FROM sys.master_files mf  
    INNER JOIN sys.[databases] d  
    ON mf.[database_id] = d.[database_id]  
    WHERE d.[name] = 'zzTempDBForDefaultPath' AND type = 0);

--Get the default Log path  
SELECT @Default_Log_Path =   
(   SELECT LEFT(physical_name,LEN(physical_name)-CHARINDEX('\',REVERSE(physical_name))+1)  
    FROM sys.master_files mf  
    INNER JOIN sys.[databases] d  
    ON mf.[database_id] = d.[database_id]  
    WHERE d.[name] = 'zzTempDBForDefaultPath' AND type = 1);

--Clean up. 
IF EXISTS(SELECT 1 FROM [master].[sys].[databases] WHERE [name] = 'zzTempDBForDefaultPath')  
BEGIN 
    DROP DATABASE zzTempDBForDefaultPath  
END;

DECLARE @SQL nvarchar(max)

SET @SQL=
'CREATE DATABASE $(DatabaseName) ON  PRIMARY 
( NAME = N''$(DatabaseName)'', FILENAME = N''' + @Default_Data_Path + N'$(DatabaseName)' + '.mdf' + ''', SIZE = 2048KB , FILEGROWTH = 1024KB )
 LOG ON 
( NAME = N''$(DatabaseName)Log'', FILENAME = N''' + @Default_Log_Path + N'$(DatabaseName)' + '.ldf' + ''', SIZE = 1024KB , FILEGROWTH = 10%)
'

exec (@SQL)
GO

And with that, your database is created.  You can run these scripts on any server and on any database name.  To do that, I created an MSBuild script that looks like this:

<Project xmlns="http://schemas.microsoft.com/developer/msbuild/2003"
         ToolsVersion="4.0">

  <PropertyGroup>
    <DatabaseName>MyDatabase</DatabaseName>
    <Server>localhost</Server>
    <SqlCmd>sqlcmd -v DatabaseName=$(DatabaseName) -S $(Server) -i </SqlCmd>
    <ScriptDirectory>.\Scripts</ScriptDirectory>
  </PropertyGroup>
  
    <Target Name ="Rebuild">
    <ItemGroup>
      <ScriptFiles Include="$(ScriptDirectory)\*.sql"/>
    </ItemGroup>

    <Exec Command="$(SqlCmd) &quot;%(ScriptFiles.Identity)&quot;" ContinueOnError="false"/>
    </Target>
  
</Project>

Note that the Scripts directory is underneath the directory where I’m running the msbuild command and is relative to that directory.  Note also that the target is using batching to run each script in the scripts subdirectory, one after the other.  Each script is passed to the sqlcmd command line execution using the .Identity property on the itemgroup that is created.  This target file is saved in the file “Database.target”. To make this work, you’ll need msbuild in your path, and then run the following command:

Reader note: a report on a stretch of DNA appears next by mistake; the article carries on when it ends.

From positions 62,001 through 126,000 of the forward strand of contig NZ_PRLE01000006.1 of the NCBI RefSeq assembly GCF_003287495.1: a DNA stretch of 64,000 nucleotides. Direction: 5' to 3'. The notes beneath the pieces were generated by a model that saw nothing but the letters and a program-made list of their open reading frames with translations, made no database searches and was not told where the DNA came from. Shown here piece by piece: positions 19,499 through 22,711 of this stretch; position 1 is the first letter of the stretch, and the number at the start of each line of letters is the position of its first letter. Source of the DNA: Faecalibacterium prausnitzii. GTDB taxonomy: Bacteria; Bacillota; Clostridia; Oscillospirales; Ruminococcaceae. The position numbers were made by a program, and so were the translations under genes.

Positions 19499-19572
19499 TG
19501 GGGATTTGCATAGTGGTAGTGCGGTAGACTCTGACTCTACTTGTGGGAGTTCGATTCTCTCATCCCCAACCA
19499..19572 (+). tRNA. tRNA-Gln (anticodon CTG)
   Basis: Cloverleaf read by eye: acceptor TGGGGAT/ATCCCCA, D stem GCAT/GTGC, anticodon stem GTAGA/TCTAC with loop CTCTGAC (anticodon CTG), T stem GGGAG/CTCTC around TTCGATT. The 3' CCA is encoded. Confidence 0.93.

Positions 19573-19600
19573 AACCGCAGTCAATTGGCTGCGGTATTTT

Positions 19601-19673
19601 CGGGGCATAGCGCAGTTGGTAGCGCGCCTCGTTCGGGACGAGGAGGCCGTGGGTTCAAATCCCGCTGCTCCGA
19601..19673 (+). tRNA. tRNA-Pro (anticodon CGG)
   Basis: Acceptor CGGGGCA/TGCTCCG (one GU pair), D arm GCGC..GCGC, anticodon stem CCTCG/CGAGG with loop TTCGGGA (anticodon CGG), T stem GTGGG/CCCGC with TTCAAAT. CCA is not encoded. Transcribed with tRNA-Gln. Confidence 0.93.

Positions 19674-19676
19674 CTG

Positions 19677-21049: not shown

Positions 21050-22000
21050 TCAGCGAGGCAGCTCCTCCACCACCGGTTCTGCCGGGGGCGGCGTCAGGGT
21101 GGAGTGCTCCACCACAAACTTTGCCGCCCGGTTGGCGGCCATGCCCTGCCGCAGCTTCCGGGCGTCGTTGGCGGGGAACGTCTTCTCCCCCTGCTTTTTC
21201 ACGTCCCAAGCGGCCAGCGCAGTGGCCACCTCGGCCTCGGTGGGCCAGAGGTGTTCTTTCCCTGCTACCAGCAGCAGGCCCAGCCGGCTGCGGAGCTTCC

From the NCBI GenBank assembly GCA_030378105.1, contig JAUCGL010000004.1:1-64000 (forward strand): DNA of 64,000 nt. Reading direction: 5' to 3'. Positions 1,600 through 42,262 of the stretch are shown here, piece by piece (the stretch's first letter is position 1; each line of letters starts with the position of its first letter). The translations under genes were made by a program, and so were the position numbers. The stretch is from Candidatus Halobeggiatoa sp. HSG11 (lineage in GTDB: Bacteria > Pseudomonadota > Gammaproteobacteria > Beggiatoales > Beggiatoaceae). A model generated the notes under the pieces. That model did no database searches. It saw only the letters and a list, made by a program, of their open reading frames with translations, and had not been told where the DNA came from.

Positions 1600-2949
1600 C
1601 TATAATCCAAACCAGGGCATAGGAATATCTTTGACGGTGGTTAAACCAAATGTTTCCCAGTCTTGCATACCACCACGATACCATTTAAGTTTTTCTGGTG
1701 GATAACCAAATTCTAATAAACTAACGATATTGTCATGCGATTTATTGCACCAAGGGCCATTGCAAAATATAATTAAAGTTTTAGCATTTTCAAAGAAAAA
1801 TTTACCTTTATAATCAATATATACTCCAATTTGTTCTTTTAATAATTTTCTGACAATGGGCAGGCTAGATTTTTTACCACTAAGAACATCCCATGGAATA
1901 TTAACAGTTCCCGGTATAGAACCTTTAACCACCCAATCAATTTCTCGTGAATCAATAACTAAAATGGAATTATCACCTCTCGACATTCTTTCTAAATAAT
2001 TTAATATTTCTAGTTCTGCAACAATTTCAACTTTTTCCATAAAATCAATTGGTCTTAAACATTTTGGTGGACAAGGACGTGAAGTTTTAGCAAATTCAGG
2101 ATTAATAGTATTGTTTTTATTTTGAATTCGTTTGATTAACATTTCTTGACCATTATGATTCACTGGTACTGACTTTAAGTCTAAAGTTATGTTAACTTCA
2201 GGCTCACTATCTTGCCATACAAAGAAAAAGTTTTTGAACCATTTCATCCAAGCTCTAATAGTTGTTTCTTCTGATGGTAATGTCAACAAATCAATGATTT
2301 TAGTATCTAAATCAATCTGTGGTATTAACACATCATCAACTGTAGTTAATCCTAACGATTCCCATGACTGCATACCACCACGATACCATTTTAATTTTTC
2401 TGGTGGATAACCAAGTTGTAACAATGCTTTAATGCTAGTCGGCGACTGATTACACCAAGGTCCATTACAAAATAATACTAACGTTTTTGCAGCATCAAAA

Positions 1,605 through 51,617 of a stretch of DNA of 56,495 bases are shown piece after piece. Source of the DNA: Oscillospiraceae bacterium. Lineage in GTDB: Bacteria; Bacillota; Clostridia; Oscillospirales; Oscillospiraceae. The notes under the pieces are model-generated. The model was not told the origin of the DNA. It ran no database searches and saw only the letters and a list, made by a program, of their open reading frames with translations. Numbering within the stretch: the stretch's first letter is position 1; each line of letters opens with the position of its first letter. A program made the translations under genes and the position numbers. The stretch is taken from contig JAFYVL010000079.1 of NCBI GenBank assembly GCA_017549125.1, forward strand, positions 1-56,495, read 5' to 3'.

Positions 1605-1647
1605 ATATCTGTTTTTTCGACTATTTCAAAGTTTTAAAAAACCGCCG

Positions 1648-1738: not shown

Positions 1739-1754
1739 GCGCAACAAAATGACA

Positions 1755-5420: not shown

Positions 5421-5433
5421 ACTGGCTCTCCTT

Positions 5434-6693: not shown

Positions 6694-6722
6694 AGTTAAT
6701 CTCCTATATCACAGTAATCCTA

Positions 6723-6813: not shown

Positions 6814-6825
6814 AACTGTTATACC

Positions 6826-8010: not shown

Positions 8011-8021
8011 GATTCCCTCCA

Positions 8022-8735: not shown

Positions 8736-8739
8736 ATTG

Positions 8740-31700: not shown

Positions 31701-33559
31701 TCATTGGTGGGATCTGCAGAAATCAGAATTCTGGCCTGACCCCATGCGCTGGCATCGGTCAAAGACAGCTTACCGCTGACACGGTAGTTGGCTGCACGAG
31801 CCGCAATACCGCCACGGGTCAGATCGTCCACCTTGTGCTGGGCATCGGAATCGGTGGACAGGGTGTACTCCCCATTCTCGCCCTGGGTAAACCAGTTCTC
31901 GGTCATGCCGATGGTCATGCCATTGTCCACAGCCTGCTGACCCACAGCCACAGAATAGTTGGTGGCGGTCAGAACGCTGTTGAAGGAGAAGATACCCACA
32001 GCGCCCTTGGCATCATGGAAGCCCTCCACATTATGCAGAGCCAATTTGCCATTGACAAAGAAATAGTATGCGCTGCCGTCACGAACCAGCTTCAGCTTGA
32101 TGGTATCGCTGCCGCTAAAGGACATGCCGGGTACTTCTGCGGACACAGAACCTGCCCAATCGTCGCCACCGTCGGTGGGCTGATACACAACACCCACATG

msbuild database.target /target:Rebuild

Once you’ve got your virgin database setup, you’d then need to use a tool like dbdeploy.net to determine that it was a virgin database, build a change script based on the change scripts, and then you’d want another sqlcmd call to update the database with the appropriate scripts.  I’m doing that next, so I’ll post a blog update when I’ve got it working.

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Posted on Tuesday, June 1, 2010 4:22 PM | Back to top


Comments on this post: Performing a clean database creation using msbuild

# re: Performing a clean database creation using msbuild
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Awesome stuff. Using to create clean dbs to run a bunch of SpecFlow tests aginst :)
Left by Philip Beadle on Sep 28, 2011 8:51 PM